Open Season on Labor


AMERICA'S NATIONAL PASTIME includes strikes. In Great Britain, it is strikes. Take this summer's "industrial actions," for instance.

Getting to work or play called for some serious ambulatory action, separate strikes shut down the national rail system twice and the London Underground subway once. Getting to the nation's free national health service called for some serious luck, the service's nurses union punctuated the summer with periodic strikes and slowdowns. If you wanted to read about all the troubles, you might be stymied too, the venerable Times of London didn't come off the presses for several days, thanks to a printers' strike. And if you just wanted to get away from all the pickets lines, well, that too was easier said than done. The workers on the Sealink Ferries to Europe walked out in mid-summer.

The British have responded with a typically still upper lip. If Her Majesty's forces could travel more than 8,000 miles to fight in the cold of an Antarctic winter, the citizenry felt it could withstand a four-hour highway trip home in a moving parking lot, or bunking down overnight in the office with a sleeping bag.

It's not unusual for Britain to have lots of strikes, each major trade union has had plenty of arm wrestles with successive Governments over the last 30 years. Just this winter, there were 17 separate industrial actions. What is different is Prime Minister Margaret Thatcher's renewed attempt to break the union's power grip on the country's services. She's risking economic disruption in the mids of a nation-wide economic downturn.

Whereas in the last 30 years a British Government's capitulation to organized labor's demands after a brief strike had become almost a ritual, the Iron Lady has begun to test the unions' mettle. The unions might have been running the show in the past, but no more Thatcher defused each strike this summer just by standing her ground.


NOW BRITISH UNIONS have certainly run roughshod at time, but Thatcher is going too far in her anti-trade union crusade. With the British economy deathly ill, she's right to want to cut costs and increase productivity. But economic recovery won't come without the cooperation of the now-humbled labor movement.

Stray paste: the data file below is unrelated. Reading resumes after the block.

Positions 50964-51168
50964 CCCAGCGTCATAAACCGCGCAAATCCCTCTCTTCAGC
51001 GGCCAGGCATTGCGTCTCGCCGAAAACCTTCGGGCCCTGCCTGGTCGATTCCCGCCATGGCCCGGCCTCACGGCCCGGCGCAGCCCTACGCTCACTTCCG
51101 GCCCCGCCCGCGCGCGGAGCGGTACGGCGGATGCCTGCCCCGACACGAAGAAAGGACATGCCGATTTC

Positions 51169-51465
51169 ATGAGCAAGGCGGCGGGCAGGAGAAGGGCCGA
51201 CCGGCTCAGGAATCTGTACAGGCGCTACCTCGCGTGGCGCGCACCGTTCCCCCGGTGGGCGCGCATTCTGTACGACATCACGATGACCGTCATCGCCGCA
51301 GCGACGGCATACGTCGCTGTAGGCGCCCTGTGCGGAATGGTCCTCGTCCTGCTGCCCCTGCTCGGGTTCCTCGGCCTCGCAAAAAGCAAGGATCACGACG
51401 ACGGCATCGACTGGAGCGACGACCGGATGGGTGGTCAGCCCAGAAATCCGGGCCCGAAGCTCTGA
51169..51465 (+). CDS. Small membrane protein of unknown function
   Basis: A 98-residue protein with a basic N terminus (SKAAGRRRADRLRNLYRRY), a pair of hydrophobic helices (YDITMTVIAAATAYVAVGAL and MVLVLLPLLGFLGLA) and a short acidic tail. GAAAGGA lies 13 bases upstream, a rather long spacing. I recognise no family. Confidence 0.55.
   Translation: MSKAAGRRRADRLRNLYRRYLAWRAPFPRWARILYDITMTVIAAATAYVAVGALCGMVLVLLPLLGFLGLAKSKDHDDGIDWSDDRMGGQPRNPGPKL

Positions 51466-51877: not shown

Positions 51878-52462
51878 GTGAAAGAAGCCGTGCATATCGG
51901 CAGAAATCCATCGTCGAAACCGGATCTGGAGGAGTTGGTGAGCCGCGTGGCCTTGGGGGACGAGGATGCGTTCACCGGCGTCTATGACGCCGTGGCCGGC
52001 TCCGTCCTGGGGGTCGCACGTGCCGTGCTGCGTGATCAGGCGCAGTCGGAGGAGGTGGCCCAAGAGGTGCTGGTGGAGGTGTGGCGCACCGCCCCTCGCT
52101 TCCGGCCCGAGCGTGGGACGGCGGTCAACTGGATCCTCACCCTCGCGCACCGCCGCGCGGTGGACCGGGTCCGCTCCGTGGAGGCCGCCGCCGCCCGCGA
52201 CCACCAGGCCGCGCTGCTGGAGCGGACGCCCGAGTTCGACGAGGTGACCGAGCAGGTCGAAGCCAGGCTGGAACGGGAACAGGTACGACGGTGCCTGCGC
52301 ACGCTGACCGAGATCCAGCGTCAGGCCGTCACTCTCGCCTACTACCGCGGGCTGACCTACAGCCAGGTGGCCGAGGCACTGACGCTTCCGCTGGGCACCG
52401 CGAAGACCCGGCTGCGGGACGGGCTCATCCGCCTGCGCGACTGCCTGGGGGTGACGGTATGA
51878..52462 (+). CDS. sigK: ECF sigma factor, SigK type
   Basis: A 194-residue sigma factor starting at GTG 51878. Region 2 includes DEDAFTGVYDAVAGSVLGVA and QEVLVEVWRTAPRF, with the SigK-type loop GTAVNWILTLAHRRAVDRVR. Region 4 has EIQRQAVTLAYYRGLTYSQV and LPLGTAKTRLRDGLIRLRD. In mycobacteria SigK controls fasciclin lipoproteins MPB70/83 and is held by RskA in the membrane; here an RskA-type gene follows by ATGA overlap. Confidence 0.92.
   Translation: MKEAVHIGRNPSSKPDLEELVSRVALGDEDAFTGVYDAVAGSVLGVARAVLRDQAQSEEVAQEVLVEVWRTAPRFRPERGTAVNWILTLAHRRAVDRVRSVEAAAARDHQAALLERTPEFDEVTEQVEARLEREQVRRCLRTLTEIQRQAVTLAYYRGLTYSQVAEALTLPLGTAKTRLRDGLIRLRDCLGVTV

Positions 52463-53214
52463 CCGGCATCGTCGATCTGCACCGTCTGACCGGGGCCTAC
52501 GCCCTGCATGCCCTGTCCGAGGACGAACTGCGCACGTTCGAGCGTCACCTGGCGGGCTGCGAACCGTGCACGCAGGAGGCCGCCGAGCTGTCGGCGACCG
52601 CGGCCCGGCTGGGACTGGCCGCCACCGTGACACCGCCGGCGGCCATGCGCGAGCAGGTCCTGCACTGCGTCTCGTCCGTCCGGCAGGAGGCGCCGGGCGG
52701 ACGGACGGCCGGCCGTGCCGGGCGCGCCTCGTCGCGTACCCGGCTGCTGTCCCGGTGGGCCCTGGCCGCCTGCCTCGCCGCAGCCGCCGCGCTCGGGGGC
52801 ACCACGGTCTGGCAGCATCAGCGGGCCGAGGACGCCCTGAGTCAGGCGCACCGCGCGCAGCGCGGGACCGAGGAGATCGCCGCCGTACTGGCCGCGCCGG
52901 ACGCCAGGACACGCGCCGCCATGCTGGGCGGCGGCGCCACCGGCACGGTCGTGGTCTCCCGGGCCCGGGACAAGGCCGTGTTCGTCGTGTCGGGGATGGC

The U.S. faces the same bleak economic picture. Industrial recovery, as Chrysler learned, can come through close cooperation with organized labor. Yet President Reagan, formerly of the Screen Actors Guild, seems to have no more regard for unions than his counterpart across the Atlantic Reagan's wholesale liquidation of the air controllers union. PATCO, and his proposals for a flexible minimum wage and child labor standards fly in the face of trade union principles.

Thatcher and Reagan aren't fully wrong, they should reign in some unnecessary union prerogatives. But the virulent anti-union bias of the two leaders is preventing the industrialized world from recovery.

In Britain, it's the government that negotiates almost every labor contract, not private industry, so Thatcher has a lot more direct clout than the American president. She knows she has the public's tacit approval to hold the line. But unemployment's at 14 percent and rising, and the persistent work stoppages and management-labor animosity that the prime minister has done nothing to discourage are contributing to the slump. In such a situation. Thatcher can't afford to seek an unconditional surrender, only an evenly negotiated truce.

Reagan can't throw his weight around as easily as Thatcher, but he's certainly got the ability to encourage industrial compromise. The government's seal of approval was evident on the comeback of the Chrysler Corp., which quietly reported large profits last quarter. The agreement in that case: The United Auto Workers permitted fewer immediate benefits, in return for a spot on Chrysler's board of directors. By contrast, look at the recent demise of the Checker Cab Company. Its employees refused to make short-term concessions; they ended up without a company--or jobs.

One fertile ground for compromise is the new concept for flexibility in labor markets. Britain and the U.S. for long have operated under the principle of rigidity of labor--eight hours a day, five days a week, nothing more. In return for job guarantees, employees could work in a more flexible, hence productive system. That innovation has helped. Japan's fine-tuned economy, which--at least by comparison--is flourishing.

Judith Hart, a member of Parliament, recently described the role of unions nicely: "...the trade union movement in this country is part of our democratic inheritance, fought for in hardship, established in realism." It's time for some of that realism to creep into government policy towards labor both here and in Britain before both economies get even worse.

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